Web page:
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Treating schools to a new administration. The impact of South Africa’s 2005 provincial boundary changes on school performance

Author

Listed:
  • Martin Gustafsson

    () (Department of Economics, University of Stellenbosch)

  • Stephen Taylor

    () (Department of Basic Education)

Abstract

The impact that the systems and practices of the education authorities, as opposed to the management at the school, have on school performance is usually difficult to quantify. Provincial boundary changes occurring in South Africa after 2005 appear to create a quasi-experiment that lends itself to impact evaluation techniques. A total of 158 secondary schools experienced a switch in provincial administration and at least two types of switches, one from Limpopo to Mpumalanga and another from North West to Gauteng, were sufficiently common to make statistically significant trends a possibility. Various indicators of Grade 12 mathematics performance are explored which take into account passes at a low threshold, achievement at an excellent level and selection into mathematics. Models used and critically discussed include a simple value-added school production function, a difference-in-difference model and a fixed effects panel data analysis. The data include annual Grade 12 examination results for the period 2005 to 2012, which allow for lags in the impact to be explored. Spatial analysis is used to identify schools located close to switching schools to establish whether student commuting effects could have confounded the results. A key finding is that schools moving from North West to Gauteng appear to enjoy benefits associated with the treatment especially as far as the production of students excelling in mathematics is concerned. However, a strong caveat is that the finding depends heavily on just 2012 values and that 2013 examination data will have to be included in the analysis before the study can inform policy recommendations. A brief comparison of institutional aspects of the education authorities in the two provinces North West and Gauteng, drawing from publicly available plans and reports, is provided to help interpret the differences seen in the data. The paper ends with some tentative conclusions in relation to how governance responsibilities in education can be optimally spread across the national, provincial and local levels in South Africa.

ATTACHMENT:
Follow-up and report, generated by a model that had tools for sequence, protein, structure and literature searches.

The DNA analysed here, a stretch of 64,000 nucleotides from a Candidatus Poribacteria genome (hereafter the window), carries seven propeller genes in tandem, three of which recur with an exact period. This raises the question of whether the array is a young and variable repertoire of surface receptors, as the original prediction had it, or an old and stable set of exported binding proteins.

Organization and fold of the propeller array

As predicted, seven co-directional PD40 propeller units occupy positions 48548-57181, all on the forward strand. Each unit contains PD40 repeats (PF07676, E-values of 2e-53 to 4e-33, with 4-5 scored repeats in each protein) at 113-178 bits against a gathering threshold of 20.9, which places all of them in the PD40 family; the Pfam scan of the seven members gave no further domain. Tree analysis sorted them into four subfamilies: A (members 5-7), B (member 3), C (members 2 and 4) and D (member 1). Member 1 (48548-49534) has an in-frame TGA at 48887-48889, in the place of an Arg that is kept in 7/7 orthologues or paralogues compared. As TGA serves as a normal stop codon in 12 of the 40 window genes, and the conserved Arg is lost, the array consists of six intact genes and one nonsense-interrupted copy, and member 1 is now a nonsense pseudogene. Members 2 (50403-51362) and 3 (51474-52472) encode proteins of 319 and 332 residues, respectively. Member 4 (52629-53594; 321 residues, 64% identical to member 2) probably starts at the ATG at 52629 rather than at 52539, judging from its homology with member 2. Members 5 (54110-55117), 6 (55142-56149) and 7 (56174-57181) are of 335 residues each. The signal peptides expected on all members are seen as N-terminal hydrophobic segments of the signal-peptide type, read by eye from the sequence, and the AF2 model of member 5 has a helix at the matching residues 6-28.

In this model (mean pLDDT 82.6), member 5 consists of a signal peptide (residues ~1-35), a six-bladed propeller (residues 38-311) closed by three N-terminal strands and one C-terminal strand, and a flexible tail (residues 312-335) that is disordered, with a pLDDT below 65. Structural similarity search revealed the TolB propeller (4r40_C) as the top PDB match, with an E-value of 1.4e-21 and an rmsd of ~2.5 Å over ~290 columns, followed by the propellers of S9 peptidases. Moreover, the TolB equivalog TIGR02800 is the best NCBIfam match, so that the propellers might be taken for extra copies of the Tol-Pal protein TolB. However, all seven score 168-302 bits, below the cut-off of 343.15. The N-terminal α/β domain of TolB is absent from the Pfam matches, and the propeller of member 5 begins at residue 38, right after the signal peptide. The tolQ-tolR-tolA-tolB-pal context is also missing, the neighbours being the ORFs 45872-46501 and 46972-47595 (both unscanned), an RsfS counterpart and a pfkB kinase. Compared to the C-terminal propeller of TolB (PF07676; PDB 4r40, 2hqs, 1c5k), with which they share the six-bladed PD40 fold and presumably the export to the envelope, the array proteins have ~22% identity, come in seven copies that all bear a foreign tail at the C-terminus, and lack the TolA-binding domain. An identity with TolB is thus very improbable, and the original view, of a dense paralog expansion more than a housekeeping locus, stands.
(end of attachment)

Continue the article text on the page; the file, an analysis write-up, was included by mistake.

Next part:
Suggested Citation

  • Martin Gustafsson & Stephen Taylor, 2013. "Treating schools to a new administration. The impact of South Africa’s 2005 provincial boundary changes on school performance," Working Papers 28/2013, Stellenbosch University, Department of Economics.
  • Handle: RePEc:sza:wpaper:wpapers204
    as

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    File URL: https://www.ekon.sun.ac.za/wpapers/2013/wp282013/wp-28-2013.pdf
    File Function: First version, 2013
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    References listed on IDEAS

    as
    1. Cogneau, Denis & Moradi, Alexander, 2014. "Borders That Divide: Education and Religion in Ghana and Togo Since Colonial Times," The Journal of Economic History, Cambridge University Press, vol. 74(03), pages 694-729, September.
    2. Duflo, Esther & Glennerster, Rachel & Kremer, Michael, 2008. "Using Randomization in Development Economics Research: A Toolkit," Handbook of Development Economics, Elsevier.
    3. Psacharopoulos, George, 1996. "Economics of education: A research agenda," Economics of Education Review, Elsevier, vol. 15(4), pages 339-344, October.
    4. Stephen Taylor & Patricia Watson, 2015. "The impact of study guides on “matric” performance: Evidence from a randomised experiment," Working Papers 13/2015, Stellenbosch University, Department of Economics.
    5. Martin Gustafsson, 2011. "The when and how of leaving school: The policy implications of new evidence on secondary schooling in South Africa," Working Papers 09/2011, Stellenbosch University, Department of Economics.
    6. Shahidur R. Khandker & Gayatri B. Koolwal & Hussain A. Samad, 2010. "Handbook on Impact Evaluation : Quantitative Methods and Practices," World Bank Publications, The World Bank, number 2693, September.
    7. Barbara Bruns & Deon Filmer & Harry Anthony Patrinos, 2011. "Making Schools Work : New Evidence on Accountability Reforms," World Bank Publications, The World Bank, number 2270, September.
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    Cited by:

    1. Martin Gustafsson & Stephen Taylor, 2016. "Treating schools to a new administration: Evidence from South Africa of the impact of better practices in the system-level administration of schools," Working Papers 05/2016, Stellenbosch University, Department of Economics.
    2. Martin Gustafsson, 2016. "Teacher supply and the quality of schooling in South Africa. Patterns over space and time," Working Papers 03/2016, Stellenbosch University, Department of Economics.
    3. Gabrielle Wills, 2015. "A profile of the labour market for school principals in South Africa: Evidence to inform policy," Working Papers 12/2015, Stellenbosch University, Department of Economics.

    More about this item

    Keywords

    South Africa; school improvement; mathematics education; impact evaluation;

    JEL classification:

    • C21 - Mathematical and Quantitative Methods - - Single Equation Models; Single Variables - - - Cross-Sectional Models; Spatial Models; Treatment Effect Models
    • H11 - Public Economics - - Structure and Scope of Government - - - Structure and Scope of Government
    • I21 - Health, Education, and Welfare - - Education - - - Analysis of Education

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